Over 16,000 displaced by floods in Myanmar's Kayin State

Published 27.07.2018 22:28
Updated 27.07.2018 22:30

Floods after heavy monsoon rains displaced more than 16,000 people in Myanmar, local media reported yesterday. A total of 16,792 people were displaced by floods, which began over the weekend in southeastern Kayin State, as of Wednesday, the Myanmar Times reported, quoting the Department of Disaster Management. Some 10,368 people were forced to flee their homes in the state capital Hpa-an because of flood water from the Thanlwin River, it added. Many evacuation centers were set up across the state to provide temporary shelters for the victims.

Monsoon rains affected a large part of the Philippines, Japan and Southeast Asia this summer.

In Bangladesh, the Rohingya Muslims face the risk of losing shelters due to monsoon rains and many infectious diseases due to polluted water sources. Aid agencies have been warning that the monsoon could unleash "an emergency within an emergency" for the close to one million Rohingya living in temporary shelters in southeast Bangladesh. Many of the hillsides were cleared of trees to make way for shelters, making the land highly unstable. The region is prone to cyclones, landslides and devastating downpours during the rainy season, which arrives in June and typically lasts three months.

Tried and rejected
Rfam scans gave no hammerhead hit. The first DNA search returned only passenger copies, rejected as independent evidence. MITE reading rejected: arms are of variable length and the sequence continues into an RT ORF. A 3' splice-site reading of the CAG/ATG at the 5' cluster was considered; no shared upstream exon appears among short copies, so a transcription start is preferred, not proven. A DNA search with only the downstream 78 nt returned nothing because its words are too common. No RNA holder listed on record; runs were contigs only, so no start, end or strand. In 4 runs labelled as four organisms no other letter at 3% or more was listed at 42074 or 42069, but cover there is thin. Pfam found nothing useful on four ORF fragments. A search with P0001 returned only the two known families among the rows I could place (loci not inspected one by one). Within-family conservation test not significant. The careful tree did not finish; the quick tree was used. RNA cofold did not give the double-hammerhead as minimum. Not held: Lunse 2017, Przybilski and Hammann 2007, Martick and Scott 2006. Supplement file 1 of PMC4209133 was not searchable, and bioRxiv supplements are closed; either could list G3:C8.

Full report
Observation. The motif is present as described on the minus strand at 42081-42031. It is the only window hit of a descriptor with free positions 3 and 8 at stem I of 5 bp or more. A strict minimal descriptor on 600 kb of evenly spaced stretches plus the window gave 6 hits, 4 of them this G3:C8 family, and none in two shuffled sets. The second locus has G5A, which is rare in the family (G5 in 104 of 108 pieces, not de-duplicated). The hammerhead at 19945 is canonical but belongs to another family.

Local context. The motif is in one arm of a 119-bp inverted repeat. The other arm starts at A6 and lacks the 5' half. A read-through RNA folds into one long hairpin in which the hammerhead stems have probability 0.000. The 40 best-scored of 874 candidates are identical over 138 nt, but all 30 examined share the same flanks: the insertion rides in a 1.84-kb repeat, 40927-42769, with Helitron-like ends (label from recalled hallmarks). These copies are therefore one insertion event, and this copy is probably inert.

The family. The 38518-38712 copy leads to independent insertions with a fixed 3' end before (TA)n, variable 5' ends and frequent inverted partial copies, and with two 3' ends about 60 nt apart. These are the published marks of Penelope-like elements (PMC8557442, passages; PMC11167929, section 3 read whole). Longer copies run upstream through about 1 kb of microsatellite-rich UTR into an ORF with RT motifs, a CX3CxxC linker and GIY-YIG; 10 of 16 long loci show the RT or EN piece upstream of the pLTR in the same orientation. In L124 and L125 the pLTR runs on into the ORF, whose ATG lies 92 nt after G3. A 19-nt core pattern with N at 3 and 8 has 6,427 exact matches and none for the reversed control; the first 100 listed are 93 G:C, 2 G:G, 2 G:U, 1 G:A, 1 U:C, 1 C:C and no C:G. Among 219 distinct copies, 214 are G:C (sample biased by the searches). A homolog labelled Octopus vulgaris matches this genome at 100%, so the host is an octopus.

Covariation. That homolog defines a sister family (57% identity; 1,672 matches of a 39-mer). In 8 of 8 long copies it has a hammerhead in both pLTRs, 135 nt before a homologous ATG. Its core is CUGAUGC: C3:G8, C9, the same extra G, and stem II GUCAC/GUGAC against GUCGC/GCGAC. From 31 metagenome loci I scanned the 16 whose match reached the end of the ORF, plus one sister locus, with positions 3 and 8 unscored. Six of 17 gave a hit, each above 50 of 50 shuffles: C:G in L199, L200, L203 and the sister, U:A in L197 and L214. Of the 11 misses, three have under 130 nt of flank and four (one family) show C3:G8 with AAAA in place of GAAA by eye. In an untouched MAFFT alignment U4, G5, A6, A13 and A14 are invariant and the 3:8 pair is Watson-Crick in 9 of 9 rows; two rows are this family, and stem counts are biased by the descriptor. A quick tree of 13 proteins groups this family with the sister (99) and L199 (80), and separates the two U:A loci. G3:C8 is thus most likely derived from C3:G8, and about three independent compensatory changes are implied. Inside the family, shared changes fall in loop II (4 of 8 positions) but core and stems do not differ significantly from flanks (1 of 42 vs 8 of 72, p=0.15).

An estimated 700,000 Rohingya have fled over the border to Bangladesh since an army crackdown was launched in Rakhine state in August. Myanmar blames Rohingya militants for an Aug. 25 strike on security posts in Rakhine state that triggered a fierce army crackdown. At least 9,000 Rohingya were killed in Rakhine state from Aug. 25 to Sept. 24, according to Doctors without Borders. In a report last December, the global humanitarian group said the deaths of 71.7 percent, or 6,700 Rohingya, were caused by violence. The stateless Rohingya have been the target of communal violence and vicious anti-Muslim sentiment in mainly Buddhist Myanmar for years. Last year, monsoon rains triggered landslides in Cox's Bazar and the nearby Chittagong Hill Tracts, killing at least 170 people. More than 100 died in landslides in the region in 2012, and two years earlier around 50 perished. An estimated 200,000 refugees are at direct risk of landslides and floods and need relocating, aid agencies working in the camps said.

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